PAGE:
Height: 77m Floors: 23 Typical Floor Area: 60m² Net Living Area: 22m²
Core / Floor Ratio: ca. 64%
Fullicourt Building Location: Hong Kong, China Function: Residential Completion: 1995 Architect: Alex Wong & Partners
Skinny Highrises Slenderness As The New Beau Ideal 1 2
225 West 57th Street Height 514 m. When completed it will be the tallest residental building in the U.S Penthouse: $95,000,000
220 Central Park South Height 280.4 m. This upcoming tower is designed by Robert A.M. Stern Architects
157 West 57th Street Height 306 m. â€œOne 57â€œ is the first of the trendsetting building to actually break groud and be occupied. Penthouse: $100,000,000
53 West 53rd Street Height 320 m. Pritzker Prize Laureate Jean Nouvel is behind the tapered modern design 111 West 57th Street Height 425.8 m.This super-skinny 60-foot-wide tower will be built on the courtyard of the iconic Steinway build
435 Park Avenue
Height 425.5 m. Upon completion, the building will look down 150 feet ar the Empire State Building Penthouse: $81,000,000
520 Park Avenue Height 213 m.The upcoming 31-unit building will be relatively diminutive among its neighbors, at 51 stories,
Ecologic Dead-End City As An Ecosystem
The recognition of the city as an ecosystem becomes even more relevant as we enter the urban age of the anthropocene. Urban ecosystems have the same conceptual need for balance and life cycles as their natural counterpart. The dominance of build mass over unbuilt space, for example, creates various micro-climatic and environmental issues like the increase of inner urban temperature and the decrease of natural ventilation and therefore the emergence of pollution smogs. These changes in the urban micro-climate affect the comfort and quality of life, the highest value in urban environments. Therefore the need to focus on a healthy inner-city climate will become even more fundamental. 42
Vertical Heat Hong Kong Heat Islands Effects & Implications
Creates additional demand for indoor air-conditioning and increases waste heat generated from air-conditoning
Temperature rises by 2 to 6 °C for every kilometre from urban margin towards the center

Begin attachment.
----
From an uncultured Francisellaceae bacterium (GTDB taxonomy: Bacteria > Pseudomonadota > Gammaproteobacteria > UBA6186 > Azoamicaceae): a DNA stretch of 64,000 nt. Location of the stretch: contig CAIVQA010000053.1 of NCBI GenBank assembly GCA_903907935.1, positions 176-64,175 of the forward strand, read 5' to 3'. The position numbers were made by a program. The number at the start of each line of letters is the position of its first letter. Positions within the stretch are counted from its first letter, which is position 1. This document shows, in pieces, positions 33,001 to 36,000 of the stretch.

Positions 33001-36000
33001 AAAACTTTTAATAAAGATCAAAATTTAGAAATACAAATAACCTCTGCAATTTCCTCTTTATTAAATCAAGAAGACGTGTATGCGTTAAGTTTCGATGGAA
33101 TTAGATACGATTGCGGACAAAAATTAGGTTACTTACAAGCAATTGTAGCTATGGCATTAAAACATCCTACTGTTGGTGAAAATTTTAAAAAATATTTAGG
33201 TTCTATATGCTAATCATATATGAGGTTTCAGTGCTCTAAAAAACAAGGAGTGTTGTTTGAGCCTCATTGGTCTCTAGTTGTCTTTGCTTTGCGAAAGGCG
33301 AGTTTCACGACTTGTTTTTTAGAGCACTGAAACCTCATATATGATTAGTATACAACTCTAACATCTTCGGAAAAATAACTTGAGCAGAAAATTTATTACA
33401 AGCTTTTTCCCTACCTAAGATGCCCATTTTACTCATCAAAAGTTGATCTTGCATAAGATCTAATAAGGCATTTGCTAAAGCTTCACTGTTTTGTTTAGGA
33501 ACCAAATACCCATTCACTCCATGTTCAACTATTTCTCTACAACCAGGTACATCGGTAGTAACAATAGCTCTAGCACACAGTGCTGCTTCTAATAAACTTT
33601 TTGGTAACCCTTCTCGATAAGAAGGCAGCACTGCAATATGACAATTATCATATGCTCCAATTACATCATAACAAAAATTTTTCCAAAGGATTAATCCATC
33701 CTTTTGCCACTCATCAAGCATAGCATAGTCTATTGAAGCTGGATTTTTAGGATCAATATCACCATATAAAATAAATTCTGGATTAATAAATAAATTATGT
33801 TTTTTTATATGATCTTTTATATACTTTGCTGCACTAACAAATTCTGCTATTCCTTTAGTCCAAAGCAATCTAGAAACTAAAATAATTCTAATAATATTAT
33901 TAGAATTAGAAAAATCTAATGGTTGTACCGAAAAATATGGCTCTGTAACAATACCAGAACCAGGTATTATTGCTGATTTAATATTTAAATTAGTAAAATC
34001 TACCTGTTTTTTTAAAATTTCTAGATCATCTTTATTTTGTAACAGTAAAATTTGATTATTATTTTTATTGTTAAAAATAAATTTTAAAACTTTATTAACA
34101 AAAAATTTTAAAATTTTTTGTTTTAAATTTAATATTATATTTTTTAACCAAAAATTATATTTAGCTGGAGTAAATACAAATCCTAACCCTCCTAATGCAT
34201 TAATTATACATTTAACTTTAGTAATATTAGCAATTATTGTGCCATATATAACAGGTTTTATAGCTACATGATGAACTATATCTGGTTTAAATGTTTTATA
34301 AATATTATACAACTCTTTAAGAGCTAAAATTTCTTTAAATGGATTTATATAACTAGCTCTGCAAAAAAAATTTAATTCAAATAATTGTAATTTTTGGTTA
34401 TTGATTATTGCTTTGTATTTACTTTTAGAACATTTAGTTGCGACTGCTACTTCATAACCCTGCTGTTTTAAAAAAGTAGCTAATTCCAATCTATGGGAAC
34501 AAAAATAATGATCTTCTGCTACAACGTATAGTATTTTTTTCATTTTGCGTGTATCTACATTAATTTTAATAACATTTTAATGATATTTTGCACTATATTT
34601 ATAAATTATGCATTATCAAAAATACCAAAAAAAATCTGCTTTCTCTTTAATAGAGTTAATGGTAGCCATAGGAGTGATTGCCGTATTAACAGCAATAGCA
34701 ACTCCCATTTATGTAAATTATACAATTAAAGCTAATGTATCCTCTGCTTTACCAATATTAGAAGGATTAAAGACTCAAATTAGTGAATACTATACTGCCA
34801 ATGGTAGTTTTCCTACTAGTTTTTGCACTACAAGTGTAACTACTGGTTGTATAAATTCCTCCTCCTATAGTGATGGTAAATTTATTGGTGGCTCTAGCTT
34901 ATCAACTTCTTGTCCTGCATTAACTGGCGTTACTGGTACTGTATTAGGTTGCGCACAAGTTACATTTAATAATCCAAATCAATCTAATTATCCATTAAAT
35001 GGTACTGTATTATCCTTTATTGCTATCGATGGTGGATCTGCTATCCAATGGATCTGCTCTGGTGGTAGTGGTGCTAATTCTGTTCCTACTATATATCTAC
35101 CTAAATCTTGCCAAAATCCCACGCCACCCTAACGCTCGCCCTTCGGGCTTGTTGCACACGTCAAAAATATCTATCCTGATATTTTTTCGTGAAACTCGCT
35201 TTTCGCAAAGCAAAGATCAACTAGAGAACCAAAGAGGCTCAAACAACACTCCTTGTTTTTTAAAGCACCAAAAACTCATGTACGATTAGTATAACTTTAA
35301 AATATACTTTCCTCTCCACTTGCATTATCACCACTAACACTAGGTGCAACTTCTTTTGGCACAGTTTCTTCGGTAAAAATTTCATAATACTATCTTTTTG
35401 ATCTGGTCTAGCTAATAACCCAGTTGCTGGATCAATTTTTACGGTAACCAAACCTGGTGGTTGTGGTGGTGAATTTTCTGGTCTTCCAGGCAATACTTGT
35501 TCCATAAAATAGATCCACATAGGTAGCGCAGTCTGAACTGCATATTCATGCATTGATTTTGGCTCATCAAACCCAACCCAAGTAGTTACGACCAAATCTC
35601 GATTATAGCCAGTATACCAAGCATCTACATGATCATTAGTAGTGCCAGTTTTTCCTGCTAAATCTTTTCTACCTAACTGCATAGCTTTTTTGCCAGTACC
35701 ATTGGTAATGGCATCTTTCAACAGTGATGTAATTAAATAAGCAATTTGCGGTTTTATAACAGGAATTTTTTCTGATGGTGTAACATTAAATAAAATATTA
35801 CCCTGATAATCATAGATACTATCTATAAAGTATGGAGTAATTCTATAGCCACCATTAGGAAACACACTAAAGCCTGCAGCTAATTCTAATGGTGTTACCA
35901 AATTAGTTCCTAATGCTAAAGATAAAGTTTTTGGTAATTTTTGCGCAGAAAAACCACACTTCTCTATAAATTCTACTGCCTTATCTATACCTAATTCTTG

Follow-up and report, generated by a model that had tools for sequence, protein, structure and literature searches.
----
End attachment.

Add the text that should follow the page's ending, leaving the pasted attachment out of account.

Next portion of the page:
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Facilitate the spread of infectious diseases
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An infrared thermal image showing the change of the urban surface temperatures at 2 pm daytime and 2 am night time in Hong Kong.
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Urban centres are hotter than margin areas by 1.1 to 5.5 °C
Result in accumulation of air pollutants, thus worsening air quality and increasing health risks from air pollution Kong*
Vertical Heat Singapore Microclimate Heat Profile Temperetaure Midnight in Celsius
Central Business District
URBAN AREAS CITY
The impact of the Urban Heat Islands (UHI) have been explored through various methods in the area of Singapore. Figure 1 shows in a satellite view the thermal differences between the “rural” and the “urban” areas. The “hot” spots are normally found on exposed hard surfaces in the urban context, such as the industrial area, the airport and the Central Business District (CBD). The “cool” spots which are mostly observed in the large parks and the landscape in between the housing estates.
Lim Chu Kang
SINGAPORE MAJOR HIGHWAYS
Figure 1: Relative temperature in the ‘urban’ and ‘rural’ parts of Singapore
In Singapore, where dense urban structures result in the UHI phenomenon, rapid population growth and the expansion of city development are expected to reduce the quality of urban life. 46
Social Dead-End Complexity as quality
The quality of life within the urban context can be measured by the capability of its inhabitants to encounter complexity. A high quality city is characterized by the inclusion of different classes, ethnicities, and lifestyles. The public space as a platform for diversity, accessibility and personal freedom becomes the highest urban value. In the neo-liberal city, characterized by its shift towards privatization and economic mechanics, those spaces are shrinking comparatively. Spatial segregation and social isolation throughout all classes is the consequence and the typology of the generic high-rise as the efficiency machine is the inevitable architectural product of these tendencies.
Spaces for Human Encounter before 1950s
Say Ying Pu, Hing Kong, China
ca 1960s -1970s
70s hyper block
80s podium block
Ratio of Exterior Public Space
90s - today hybrid-podium block
1:12 1990s - today
Vertical Living Public Space Hong Kong
Spaces for Human Encounter Ratio of Interior Encounter Space within Hong Kong Highrise Typologies
Vertical Living Stacked Lives
ÂŠ Society for Community Organization
CONCEPTION urban prototypes for the 21st century
Instead of isolating people from each other...
...can we imagine an urban experience,
...that brings people actually together?
An urban experience, modeled by personal activities,